'Superman: Doomsday' Reviewed

Having finally gotten the DVD into his own hands, a devoted Superman fan can have his say.
However, since I'm such a big fan of the Man of Steel in all his incarnations, I feel it appropriate to set aside any critique of Doomsday as a Superman story--except to say that the producers were right to call it "inspired by The Death of Superman"--and, instead, judge it solely on its merits as an animated feature.

As a DC animated project, S:D is an impressive progression in the quality of the WB's capes-n-tights cartoon department. The art is clean and crisp, the colors more realistically modulated, the character designs well-thought-out, the effects dynamically rendered, and the 3-D animation nothing short of stunning.

Wow. The audio track would have been effective enough in live-action. To get such full-bodied SFX in an animated DVD took me by surprise. The flat-out OOMPH of it adds a remarkable amount of weight to, what is essentially, a collection of hand-drawn frames. You get the realistic, Dolby-quality sounds of Metropolis, and then, when you get a titanic battle dropped on you, you feel it.

Robert Kral's score for S:D will never replace his beautiful Angel orchestrations in the hearts of genre fans, but it does set the bar a little higher for the quality of animation music. And it accompanies the action nicely. Although the jury's still out on his S-man theme, which recalled the original Battlestar Galactica for me.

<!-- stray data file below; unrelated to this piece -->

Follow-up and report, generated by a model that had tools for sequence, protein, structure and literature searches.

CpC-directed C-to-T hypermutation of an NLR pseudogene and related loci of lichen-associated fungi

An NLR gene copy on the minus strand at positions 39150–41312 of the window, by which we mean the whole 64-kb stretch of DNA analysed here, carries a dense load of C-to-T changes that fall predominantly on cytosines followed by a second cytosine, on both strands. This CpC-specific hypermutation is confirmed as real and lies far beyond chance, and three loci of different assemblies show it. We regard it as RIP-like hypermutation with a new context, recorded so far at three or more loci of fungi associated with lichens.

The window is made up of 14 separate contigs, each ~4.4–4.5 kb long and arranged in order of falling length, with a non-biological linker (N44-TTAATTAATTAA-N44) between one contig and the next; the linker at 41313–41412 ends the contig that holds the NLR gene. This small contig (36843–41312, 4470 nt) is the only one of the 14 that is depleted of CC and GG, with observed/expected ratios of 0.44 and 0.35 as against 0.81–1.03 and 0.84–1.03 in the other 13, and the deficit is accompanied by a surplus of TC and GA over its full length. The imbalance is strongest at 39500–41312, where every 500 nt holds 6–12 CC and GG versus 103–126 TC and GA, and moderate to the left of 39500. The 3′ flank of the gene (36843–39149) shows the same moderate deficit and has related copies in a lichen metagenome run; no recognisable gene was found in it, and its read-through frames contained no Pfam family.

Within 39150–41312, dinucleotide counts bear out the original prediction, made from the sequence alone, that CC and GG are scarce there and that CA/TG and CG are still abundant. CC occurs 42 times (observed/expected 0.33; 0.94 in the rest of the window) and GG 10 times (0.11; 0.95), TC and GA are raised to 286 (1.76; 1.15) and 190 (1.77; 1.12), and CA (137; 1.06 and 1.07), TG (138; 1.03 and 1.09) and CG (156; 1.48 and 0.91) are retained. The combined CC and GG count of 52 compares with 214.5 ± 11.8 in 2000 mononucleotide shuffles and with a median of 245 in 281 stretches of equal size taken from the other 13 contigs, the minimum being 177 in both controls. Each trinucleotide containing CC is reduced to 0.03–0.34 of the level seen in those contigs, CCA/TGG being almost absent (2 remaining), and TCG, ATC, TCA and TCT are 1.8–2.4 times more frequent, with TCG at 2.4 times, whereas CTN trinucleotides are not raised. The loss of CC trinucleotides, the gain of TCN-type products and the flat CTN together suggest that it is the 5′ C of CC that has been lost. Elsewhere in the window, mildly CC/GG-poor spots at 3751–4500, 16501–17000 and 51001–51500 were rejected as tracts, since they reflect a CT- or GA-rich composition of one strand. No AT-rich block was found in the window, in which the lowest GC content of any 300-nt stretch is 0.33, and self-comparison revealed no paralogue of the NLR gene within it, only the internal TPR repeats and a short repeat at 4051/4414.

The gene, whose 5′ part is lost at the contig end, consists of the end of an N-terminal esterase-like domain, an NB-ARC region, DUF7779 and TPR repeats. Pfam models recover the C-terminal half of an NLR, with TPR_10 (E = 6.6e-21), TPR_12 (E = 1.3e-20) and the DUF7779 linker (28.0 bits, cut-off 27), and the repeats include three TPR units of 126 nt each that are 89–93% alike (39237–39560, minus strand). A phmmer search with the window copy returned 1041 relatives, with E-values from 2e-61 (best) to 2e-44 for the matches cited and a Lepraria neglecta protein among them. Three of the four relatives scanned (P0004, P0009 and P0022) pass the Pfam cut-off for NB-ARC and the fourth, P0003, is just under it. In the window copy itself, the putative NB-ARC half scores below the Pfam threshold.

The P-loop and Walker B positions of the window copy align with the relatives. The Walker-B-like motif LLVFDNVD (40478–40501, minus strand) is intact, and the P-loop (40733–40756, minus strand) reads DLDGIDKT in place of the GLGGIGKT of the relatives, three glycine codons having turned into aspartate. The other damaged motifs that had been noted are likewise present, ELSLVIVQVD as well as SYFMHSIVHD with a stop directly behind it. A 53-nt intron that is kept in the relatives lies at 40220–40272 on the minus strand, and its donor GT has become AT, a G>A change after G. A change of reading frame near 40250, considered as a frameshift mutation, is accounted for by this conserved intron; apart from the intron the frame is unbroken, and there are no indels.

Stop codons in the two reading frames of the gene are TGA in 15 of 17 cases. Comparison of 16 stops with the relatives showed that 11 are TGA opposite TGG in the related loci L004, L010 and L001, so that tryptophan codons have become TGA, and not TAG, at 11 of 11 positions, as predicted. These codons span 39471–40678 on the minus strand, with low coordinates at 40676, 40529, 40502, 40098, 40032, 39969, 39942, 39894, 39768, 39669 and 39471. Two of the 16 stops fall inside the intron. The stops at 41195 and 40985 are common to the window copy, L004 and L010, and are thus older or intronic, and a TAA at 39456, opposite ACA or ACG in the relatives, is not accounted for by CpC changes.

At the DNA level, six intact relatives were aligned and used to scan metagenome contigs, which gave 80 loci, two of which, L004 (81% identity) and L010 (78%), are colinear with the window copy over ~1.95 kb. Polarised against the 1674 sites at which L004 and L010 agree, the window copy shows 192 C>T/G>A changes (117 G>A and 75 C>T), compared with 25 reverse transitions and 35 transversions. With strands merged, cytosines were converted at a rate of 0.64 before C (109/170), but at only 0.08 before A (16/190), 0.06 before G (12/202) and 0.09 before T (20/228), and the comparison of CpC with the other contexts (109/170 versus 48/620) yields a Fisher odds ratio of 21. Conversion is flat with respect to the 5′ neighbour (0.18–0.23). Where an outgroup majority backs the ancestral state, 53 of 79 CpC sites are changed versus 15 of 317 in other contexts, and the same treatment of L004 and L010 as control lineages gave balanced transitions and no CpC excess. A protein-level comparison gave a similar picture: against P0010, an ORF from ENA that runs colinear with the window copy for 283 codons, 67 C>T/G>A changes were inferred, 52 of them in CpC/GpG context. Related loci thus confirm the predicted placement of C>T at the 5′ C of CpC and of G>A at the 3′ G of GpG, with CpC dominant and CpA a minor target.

I was surprised when I read that Adam Baldwin had been producer Bruce Timm's first choice for the Man of Steel on the 90's animated series, because the more husky tenor of his voice just doesn't scream "Superman" to me. Having said that, I think Baldwin does no disservice to the character. I actually liked his delivery of the movie's signature line, "It's why I'm here."

Unfortunately, I can't be as lenient with Anne Heche as Lois Lane. Though I could see why casting director Andrea Romano might've thought her appropriate for the role, especially in Lois's His Girl Friday-styled first scene with Ray Wise's Perry White, it becomes obvious very quickly that Heche has no animation experience. Poor Lois sounds, for the bulk of the film, like she's getting over a shot of Novocaine.

Warners and DC deserve props for the bold decision not to pull many punches when dealing with such a dark story. The PG-13 rating earns its keep as Doomsday piles up the bodies before taking Superman to school so hard he literally spits up blood. In addition to that, Lois and the S-man are allowed to have a more mature (yet disfunctional) relationship than in many previous incarnations.

If I have any major gripes with the story, it's that I came away doubting the necessity of doing the "Death" story at all. We don't really get to feel Superman's passing, for various reasons that I won't go into (in case someone reading this hasn't seen the movie).

Final Analysis
All in all, judging it as just a regular movie, I have to say I was nicely entertained by Superman: Doomsday. But if you want to talk about it as a Superman flick, hit me up sometime...
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